Shortly before the siege of Raqqa began in June, Islamic State officials arrested Hammad al-Sajer for skipping afternoon prayers. Hammad, who is 29, made a living from his motorbike: he carried people and packages, charging less than the local taxis. IS had arrested him a number of times before – mostly for smoking cigarettes, which were banned under IS rule – but he had always been released after paying a fine or being lashed. Attendance at prayers was compulsory and he had missed the Asr, the afternoon prayer, because a passenger had made him wait while he went into his house to get money for his fare after a trip to Raqqa’s old city. Hammad expected to be fined or lashed, but this time he was sentenced to a month in prison. Except it turned out not to be prison. On his first morning, ‘militants blindfolded us and took us in a vehicle to a place that seemed to be inside the city because it took no more than ten minutes to get there.’
Hammad and the other prisoners, all of them local men, were taken to an empty house. In one of the rooms there was a hole in the floor. Rough steps led down about sixty feet before the tunnel flattened out into a corridor, which was connected to a labyrinth of other tunnels. A fellow prisoner, Adnan, told Hammad that IS had started work on what was effectively a subterranean network a year and a half earlier. In other words, construction began in 2015, after IS’s spectacular run of victories ended and it started its long retreat in the face of Kurdish offensives backed by coalition firepower. To escape the aerial bombardment, IS decided to disappear underground, digging immense tunnel complexes underneath its two biggest urban centres, Mosul in Iraq and Raqqa in Syria, to help it defend itself when the final assaults came.
Few people in Raqqa knew the extent of the excavations going on beneath their feet – not even Hammad, who rode his motorbike around the city every day. The entrances were always in districts from which local inhabitants had fled or been evicted. ‘When we got into the tunnels we were amazed,’ Hammad remembers. ‘It was as if an entire city had been built underground.’ IS must have needed an army of workers to build it – but then there were large numbers of prisoners and jobless labourers to draw on. The prisoners were told as little as possible about what they were doing: anyone who asked a lot of questions was punished. Hammad saw rooms with reinforced concrete walls and ceilings, and what looked like boxes of ammunition piled up on the floor. When he asked about the boxes, he says, one of the guards ‘hit me on my back with a piece of cable and said: “Don’t poke your nose into things. This is not your business. Do your job and keep quiet.”’ The foreign fighters on duty were silent and unapproachable, but some of the guards were locals and occasionally talked to the diggers during the ten-hour working day. ‘Sometimes they joked with us because they were bored and tired,’ he says. One day he asked one of them what all this hard work was for. ‘This great construction will help the lions of the caliphate to escape,’ he said (the ‘lions’ were the IS emirs and commanders). ‘They have a message to deliver to people and they should not die too soon.’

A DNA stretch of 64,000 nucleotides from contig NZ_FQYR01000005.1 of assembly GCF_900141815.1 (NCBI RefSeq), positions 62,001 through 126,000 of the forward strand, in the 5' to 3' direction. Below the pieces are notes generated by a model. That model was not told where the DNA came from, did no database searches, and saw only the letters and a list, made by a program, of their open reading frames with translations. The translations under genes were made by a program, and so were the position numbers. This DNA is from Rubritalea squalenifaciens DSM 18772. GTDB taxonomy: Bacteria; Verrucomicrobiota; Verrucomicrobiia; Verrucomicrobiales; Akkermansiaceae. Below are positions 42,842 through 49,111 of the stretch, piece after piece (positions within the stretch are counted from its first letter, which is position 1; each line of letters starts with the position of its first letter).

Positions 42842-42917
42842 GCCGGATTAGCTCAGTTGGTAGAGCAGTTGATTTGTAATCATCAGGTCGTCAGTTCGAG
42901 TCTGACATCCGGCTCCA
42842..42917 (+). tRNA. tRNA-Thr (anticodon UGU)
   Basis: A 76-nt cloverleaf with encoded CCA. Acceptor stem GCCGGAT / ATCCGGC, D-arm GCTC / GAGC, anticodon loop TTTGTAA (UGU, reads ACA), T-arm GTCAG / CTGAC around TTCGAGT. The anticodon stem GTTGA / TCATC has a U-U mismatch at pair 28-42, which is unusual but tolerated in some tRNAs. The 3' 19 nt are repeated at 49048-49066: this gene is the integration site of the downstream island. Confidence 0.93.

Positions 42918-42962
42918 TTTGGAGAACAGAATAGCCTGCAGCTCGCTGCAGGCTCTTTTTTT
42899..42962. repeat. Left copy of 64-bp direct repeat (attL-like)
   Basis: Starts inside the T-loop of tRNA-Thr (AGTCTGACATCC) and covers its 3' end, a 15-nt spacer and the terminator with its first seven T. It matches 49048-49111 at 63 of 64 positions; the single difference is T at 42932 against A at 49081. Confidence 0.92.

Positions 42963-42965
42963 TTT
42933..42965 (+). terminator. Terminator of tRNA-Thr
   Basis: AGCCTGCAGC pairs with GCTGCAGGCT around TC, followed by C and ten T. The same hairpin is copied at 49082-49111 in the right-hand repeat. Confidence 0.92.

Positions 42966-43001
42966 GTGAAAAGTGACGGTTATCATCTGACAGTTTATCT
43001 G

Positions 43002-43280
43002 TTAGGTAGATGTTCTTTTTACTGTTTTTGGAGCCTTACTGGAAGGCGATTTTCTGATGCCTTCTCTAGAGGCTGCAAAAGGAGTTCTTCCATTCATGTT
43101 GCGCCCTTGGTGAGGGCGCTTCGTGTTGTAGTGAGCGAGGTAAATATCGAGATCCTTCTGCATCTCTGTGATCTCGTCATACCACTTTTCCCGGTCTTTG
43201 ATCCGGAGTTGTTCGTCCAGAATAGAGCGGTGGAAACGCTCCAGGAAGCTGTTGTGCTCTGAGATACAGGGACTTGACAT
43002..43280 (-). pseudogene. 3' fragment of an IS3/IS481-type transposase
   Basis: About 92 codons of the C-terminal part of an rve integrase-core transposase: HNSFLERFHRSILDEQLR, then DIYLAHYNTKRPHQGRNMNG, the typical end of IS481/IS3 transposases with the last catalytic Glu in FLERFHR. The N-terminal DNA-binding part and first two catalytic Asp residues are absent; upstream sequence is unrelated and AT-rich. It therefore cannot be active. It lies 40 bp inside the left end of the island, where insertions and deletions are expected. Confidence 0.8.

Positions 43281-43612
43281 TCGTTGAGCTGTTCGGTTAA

IS officials used prisoners to work on the tunnels when they could, but they also hired labourers. One of these was Khalaf Ali. When IS seized the city in 2014, he was selling cigarettes in the street. ‘I was picked up by some militants who took me to a commander,’ he says. ‘They did not take me to prison, but they confiscated my boxes of cigarettes and said that if I sold cigarettes again, they would put me in prison and I would get thirty lashes.’ He started spending his days in a local square with other unemployed men; they would wait for a car or truck to stop and offer them odd jobs – moving furniture, mending broken doors or windows. In April 2016, Khalaf was sitting in the square with the others when an IS security man said he wanted to talk to them. At first they were nervous, but the official said they could have work if they registered their names at an IS office. When they showed up at 7 a.m. the following day, they were told they had to agree to certain conditions: ‘We must not talk about what we were doing in public as it was one of the caliphate’s secrets and, if we violated this condition, they would kill us as traitors.’ They were blindfolded and driven a short distance to an empty house, where the blindfolds were removed. It wasn’t the house Hammad had first been taken to: here, there were no stairs, just a sloping tunnel about 150 feet long, which took them around sixty feet underground.